Geographical Index > United States > Washington > Lewis County > Report # 43823|
Submitted by witness No on Wednesday, January 15, 2014.
Lifelong hunter and fisherman has possible vocalization experiences near Packwood
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DATE: first week
COUNTY: Lewis County
LOCATION DETAILS: On Chambers Lake spur road off FSR 21
NEAREST TOWN: Packwood / Randle
NEAREST ROAD: Gifford Pinchot Forest Service Road 21
OBSERVED: I am reporting two vocalization experiences from the past. Both occurred within a mile of each other yet were decades apart. Having read the report from a hunter near a lake outside of Packwood I wanted to submit this as his encounter and mine are very similar and may be the same creature.
The first encounter was in the mid 70's. The location was Chambers Lake SE of Packwood and close to The Goat Rocks Wilderness. It was early spring with the access road to the lake buried in heavy snow. We had walked in approximately 3 miles leaving my dads car at the creek. There were no human tracks leading into the area. Only the weather worn tracks of what looked like a forestry snowcat.
We fished for brook trout from the logs near the camping area. We had caught several when we heard the sound of shifting rock on the slope across the lake from our location. As the slope was buried in several feet of snow it had to be something large to displace the rocks.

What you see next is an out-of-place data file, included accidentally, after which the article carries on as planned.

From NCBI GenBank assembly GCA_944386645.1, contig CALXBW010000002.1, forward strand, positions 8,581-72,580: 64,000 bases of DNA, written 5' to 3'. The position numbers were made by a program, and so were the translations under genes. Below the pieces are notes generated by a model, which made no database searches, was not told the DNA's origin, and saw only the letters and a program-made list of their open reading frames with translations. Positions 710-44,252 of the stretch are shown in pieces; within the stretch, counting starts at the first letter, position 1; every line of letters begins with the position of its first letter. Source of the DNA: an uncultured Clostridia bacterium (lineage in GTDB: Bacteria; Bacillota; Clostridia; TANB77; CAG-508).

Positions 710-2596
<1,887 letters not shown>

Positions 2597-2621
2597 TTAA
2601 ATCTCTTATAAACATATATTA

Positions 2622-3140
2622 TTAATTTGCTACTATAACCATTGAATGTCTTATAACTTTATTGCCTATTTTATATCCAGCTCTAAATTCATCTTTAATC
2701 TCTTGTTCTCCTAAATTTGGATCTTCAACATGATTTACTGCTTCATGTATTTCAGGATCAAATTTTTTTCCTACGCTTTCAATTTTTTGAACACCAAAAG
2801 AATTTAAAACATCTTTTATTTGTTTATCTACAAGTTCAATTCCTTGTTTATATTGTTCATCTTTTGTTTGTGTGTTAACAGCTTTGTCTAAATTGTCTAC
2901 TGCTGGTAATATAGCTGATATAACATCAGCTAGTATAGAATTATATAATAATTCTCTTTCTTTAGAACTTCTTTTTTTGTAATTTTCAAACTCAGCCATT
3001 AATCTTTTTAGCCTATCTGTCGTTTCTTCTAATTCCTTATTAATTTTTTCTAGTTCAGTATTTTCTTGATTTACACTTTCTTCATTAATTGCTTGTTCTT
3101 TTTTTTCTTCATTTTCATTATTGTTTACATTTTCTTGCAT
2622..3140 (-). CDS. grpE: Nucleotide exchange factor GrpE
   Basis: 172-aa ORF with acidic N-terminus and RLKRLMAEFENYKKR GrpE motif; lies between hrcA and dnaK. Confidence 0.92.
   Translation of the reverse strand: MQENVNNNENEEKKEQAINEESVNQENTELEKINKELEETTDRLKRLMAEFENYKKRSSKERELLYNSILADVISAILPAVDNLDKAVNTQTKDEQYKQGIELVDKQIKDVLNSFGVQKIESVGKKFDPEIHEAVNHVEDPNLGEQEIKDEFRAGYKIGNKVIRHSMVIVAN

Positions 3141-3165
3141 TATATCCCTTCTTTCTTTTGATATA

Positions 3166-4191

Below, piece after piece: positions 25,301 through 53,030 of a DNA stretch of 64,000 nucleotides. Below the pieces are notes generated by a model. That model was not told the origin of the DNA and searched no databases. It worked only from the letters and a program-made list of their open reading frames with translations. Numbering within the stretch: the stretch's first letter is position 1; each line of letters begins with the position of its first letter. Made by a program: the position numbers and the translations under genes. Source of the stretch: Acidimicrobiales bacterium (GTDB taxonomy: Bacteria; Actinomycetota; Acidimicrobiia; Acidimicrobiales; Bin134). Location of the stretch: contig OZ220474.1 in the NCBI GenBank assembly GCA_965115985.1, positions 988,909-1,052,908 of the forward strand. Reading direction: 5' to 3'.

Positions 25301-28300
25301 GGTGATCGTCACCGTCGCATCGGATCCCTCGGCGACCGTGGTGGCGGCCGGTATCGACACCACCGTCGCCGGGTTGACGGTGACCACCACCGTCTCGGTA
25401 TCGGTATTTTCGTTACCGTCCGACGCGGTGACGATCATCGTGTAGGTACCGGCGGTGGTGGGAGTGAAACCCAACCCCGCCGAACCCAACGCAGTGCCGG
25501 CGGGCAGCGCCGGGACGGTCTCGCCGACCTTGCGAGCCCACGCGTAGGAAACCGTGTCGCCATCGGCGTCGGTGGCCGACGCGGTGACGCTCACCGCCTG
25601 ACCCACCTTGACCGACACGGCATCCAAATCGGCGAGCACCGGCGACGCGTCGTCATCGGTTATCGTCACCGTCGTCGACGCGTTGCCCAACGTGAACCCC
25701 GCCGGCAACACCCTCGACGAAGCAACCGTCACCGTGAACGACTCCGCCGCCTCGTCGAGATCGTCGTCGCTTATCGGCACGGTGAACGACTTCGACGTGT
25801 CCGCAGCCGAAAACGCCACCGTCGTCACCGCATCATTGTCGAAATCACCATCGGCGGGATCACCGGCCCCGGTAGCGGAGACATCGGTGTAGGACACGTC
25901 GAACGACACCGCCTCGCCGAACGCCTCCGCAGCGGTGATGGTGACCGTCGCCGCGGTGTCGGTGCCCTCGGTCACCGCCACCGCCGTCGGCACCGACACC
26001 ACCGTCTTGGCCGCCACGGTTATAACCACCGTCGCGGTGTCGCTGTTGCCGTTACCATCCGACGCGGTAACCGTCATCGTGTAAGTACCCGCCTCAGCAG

Maybe ten minutes later something let out a horrible screaming howl from the tree line that borders the lake directly below the slope. It was incredibly loud and forceful. It scared both my dad and I. It then sounded like it was tearing up the brush and limbs. So my dad said we needed to leave.
My father was a judge and not easily intimidated but he was visibly frightened. He grabbed our rods and took out his pistol. He said 'come on' and started walking without even reeling in the lines. We hiked up the snow covered access road and down the logging road. My dad kept looking back behind us as we could still here the thrashing sounds until we were 1/2 mile away.
We finally got to the car and left
The second encounter was in 1998. It occurred approximately 1 mile from the lake. My friend and I had just arrived to hunt elk in the area between Chambers and Walupt Lake. It was November.